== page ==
It is time this parliament took a similar bold stand rather than simply fiddle about the edges with a bill like this. Our gold medallists from Atlanta are in majority in favour of a new flag - embracing elements of the existing one perhaps but wanting change. They are overwhelmingly in favour of retaining our anthem. These are the sentiments out there among our young as we head into the new century - as we approach Sydney 2000.
Let us embrace that feeling of our young, while we respect the views of the older residents, but let us not fiddle around the edges and hang on too long. In my former game - journalism - one had to update sometimes on an hourly basis. It is time for an update. I do not perhaps feel the passion for change as do others in the community, but I must accept that it is there.
Let us not be locked into an era that has changed; let us open up the debate and review our symbols, including the flag. Sure, we should allow the people of Australia to decide, but let us not be too cute by half and put up pious legislation that, to quote from the minister′s second reading speech, `provides the people of Australia with a guarantee that they will decide if their national flag should be changed′.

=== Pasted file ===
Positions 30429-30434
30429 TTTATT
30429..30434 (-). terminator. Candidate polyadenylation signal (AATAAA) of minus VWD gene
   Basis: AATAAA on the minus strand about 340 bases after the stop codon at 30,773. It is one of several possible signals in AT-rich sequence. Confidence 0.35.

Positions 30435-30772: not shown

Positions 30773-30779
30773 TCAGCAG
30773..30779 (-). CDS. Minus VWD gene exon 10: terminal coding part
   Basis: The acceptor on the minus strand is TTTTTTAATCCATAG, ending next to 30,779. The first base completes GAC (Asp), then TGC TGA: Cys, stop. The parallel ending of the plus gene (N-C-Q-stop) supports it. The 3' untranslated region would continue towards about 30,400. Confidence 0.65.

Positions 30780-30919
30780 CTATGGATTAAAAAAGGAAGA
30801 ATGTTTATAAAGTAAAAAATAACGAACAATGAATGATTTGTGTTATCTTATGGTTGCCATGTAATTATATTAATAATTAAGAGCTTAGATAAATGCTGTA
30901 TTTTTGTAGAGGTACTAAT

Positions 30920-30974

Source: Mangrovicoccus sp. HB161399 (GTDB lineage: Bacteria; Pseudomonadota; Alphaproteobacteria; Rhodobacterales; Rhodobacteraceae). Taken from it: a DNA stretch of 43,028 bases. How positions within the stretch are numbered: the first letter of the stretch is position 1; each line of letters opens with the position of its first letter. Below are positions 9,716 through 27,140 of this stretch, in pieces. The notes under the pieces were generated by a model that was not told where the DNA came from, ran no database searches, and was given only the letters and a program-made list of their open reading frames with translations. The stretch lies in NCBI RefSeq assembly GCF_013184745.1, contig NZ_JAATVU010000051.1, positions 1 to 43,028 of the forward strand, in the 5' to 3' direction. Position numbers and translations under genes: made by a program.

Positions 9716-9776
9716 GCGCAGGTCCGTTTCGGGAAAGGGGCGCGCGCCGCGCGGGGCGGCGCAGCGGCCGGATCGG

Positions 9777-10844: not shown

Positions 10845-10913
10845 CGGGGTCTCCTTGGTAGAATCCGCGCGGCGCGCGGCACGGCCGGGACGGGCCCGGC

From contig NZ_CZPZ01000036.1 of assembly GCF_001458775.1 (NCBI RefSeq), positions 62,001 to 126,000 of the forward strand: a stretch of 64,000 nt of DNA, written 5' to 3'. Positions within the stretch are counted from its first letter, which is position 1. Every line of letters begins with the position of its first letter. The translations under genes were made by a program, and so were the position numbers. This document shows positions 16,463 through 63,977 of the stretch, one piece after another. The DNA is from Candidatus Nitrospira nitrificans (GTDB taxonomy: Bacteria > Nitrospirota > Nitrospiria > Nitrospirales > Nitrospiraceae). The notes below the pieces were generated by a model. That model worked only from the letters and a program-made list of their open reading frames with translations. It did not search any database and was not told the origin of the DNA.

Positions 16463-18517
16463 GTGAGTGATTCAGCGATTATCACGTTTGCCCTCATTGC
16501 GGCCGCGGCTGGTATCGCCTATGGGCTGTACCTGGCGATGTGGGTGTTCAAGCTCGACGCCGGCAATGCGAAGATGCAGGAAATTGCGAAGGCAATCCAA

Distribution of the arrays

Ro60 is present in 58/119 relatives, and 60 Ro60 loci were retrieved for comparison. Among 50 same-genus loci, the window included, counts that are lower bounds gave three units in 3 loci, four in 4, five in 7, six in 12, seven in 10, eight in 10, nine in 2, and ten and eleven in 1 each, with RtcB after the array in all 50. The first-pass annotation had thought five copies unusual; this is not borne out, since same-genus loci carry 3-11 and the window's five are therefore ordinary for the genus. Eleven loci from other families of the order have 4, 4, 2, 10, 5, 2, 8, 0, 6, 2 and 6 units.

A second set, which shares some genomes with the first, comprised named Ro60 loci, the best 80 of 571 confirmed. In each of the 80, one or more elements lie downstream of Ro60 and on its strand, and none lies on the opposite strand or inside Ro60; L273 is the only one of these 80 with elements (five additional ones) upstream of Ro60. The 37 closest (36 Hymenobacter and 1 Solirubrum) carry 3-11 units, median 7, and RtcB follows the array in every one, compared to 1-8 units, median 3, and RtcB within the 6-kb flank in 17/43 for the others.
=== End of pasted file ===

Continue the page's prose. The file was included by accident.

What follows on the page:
There is no conspiracy afoot to change the flag by stealth, but there is a majority feeling out there that change should be made - and that should be tested the sooner the better. The second reading speech is wrapped in motherhood statements with which no-one has a problem. I ask: what is the purpose of this bill? Of course the flag should not be changed without a popular vote. But let us get our priorities right. Let us test the poll-evidenced climate for change of constitution, flag and head of state by taking all to a plebiscite, and then settle down to a convention on all these issues in one debate - not swim against the tide of public sentiment as this bill suggests.